Is it Time for the Fed to Raise Rates?
The latest numbers from the Bureau of Labor Statistics put the number of new jobs in July at 255,000 after a great June increase of 292,000 new jobs. We have now reached the 70th consecutive month of positive job growth in the United States. The last time we saw an overall loss in job growth was in 2010. Unemployment is below historical averages and it seems natural to ask if the Fed should go ahead and start raising rates. Here are a few reasons why they should still wait.
The first is that while unemployment is low, participation rates are still low as well. During the recession, the United States saw an incredible amount of its citizens fall out of the workforce and never come back. The unemployment rate only includes those who are looking for a job and does not include these “lost” workers. However, we are finally seeing the participation rate increase in the U.S. and it could be a mistake to tighten before more workers have re-entered the workforce. An increase could slow down the amount of jobs created right as many are trying to come back into the workforce.
The second reason is that even a small increase in rates could cause some large reverberations in the still fragile capital markets. A rise in rates would cause more inflows into the United States causing the dollar to rise even further. This will put a downward pressure on exports and overall growth at a time where growth is still too low for comfort. Additionally, capital is already having trouble reaching some parts of the world and there is already a surplus here in the United States which could leave parts of the emerging markets susceptible to a liquidity crisis.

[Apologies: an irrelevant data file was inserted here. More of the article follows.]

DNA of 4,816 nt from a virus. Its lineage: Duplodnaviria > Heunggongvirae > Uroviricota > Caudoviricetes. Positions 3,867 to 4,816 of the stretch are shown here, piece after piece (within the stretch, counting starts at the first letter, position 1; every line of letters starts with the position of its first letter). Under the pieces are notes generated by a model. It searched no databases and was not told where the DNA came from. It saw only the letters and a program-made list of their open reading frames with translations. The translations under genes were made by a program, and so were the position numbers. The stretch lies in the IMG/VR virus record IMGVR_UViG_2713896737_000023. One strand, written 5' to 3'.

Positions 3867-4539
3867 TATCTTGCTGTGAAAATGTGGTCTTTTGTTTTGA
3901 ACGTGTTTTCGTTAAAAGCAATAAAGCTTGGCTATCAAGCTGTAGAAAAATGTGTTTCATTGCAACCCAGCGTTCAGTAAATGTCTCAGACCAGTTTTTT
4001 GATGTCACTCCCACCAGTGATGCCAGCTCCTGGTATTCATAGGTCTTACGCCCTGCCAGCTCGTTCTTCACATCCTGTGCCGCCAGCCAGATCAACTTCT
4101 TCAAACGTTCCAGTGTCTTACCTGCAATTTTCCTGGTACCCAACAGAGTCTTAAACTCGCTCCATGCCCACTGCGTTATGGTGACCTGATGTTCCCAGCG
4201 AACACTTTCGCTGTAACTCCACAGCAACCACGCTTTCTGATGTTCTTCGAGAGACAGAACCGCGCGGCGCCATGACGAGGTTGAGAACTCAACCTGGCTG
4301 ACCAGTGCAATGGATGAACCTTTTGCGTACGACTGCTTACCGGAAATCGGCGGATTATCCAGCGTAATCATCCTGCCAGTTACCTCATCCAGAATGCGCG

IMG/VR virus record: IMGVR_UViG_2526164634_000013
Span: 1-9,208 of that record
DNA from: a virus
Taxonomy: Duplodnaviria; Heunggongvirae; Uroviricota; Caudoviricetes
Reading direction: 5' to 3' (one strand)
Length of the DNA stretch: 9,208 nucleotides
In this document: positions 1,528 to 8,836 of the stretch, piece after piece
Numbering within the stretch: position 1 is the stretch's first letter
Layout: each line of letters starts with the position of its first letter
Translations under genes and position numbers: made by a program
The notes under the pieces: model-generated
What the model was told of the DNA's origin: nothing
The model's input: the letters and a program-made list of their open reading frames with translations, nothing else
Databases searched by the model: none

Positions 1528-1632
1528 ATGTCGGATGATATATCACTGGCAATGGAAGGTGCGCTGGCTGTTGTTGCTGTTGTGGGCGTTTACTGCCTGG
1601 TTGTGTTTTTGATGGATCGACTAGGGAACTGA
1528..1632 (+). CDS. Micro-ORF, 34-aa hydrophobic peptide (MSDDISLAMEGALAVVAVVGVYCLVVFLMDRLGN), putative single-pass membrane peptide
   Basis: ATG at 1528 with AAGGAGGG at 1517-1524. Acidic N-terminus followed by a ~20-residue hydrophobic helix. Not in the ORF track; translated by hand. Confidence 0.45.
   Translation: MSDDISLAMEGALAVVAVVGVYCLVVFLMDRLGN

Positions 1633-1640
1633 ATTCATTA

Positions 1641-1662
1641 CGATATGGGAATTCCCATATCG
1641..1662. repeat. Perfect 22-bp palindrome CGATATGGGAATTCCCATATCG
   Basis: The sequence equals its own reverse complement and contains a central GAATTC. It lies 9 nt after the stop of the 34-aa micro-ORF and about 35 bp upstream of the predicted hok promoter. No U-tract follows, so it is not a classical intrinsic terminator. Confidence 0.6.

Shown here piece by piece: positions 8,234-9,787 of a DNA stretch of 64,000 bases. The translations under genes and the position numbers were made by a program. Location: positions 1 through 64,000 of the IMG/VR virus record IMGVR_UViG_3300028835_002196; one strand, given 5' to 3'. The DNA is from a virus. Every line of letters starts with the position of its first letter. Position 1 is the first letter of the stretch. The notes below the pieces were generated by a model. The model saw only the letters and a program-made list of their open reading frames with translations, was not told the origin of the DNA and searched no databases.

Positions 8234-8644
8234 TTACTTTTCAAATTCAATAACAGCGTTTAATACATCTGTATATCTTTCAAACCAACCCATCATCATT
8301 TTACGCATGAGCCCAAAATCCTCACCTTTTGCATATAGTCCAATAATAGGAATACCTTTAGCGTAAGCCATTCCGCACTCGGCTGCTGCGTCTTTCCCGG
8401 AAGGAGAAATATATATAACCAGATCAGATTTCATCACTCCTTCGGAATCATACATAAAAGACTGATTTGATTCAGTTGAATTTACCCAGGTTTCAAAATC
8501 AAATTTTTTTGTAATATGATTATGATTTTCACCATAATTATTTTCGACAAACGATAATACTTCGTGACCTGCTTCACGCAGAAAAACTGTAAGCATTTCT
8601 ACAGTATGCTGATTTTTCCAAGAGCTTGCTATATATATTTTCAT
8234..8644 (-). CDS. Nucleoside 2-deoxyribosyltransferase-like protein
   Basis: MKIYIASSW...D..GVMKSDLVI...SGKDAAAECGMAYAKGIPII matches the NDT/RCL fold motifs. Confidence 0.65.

The third and final reason might be the most crucial. Inflation is still too low to justify an increase in interest rates. Inflation has stayed stubbornly low and PCE inflation is still only around 1% over the last year. This is much lower than the Fed’s stated 2% target. What is more, the market is pricing inflation to be much closer to 1% over the next five years. With rates already so low, the Fed’s ability to fight deflation is already seriously compromised and a rise in rates could push inflation even lower.
While unemployment numbers are encouraging, the economy overall is still too fragile to risk an increase in rates especially when looking at the rest of the globe. The U.S. remains the only stable economy in the world and even a small shudder in growth could have a significant impact on the global economy. The Fed feels like it needs to “normalize” rates as quickly as they can but hopefully they will be cautious in reacting too quickly.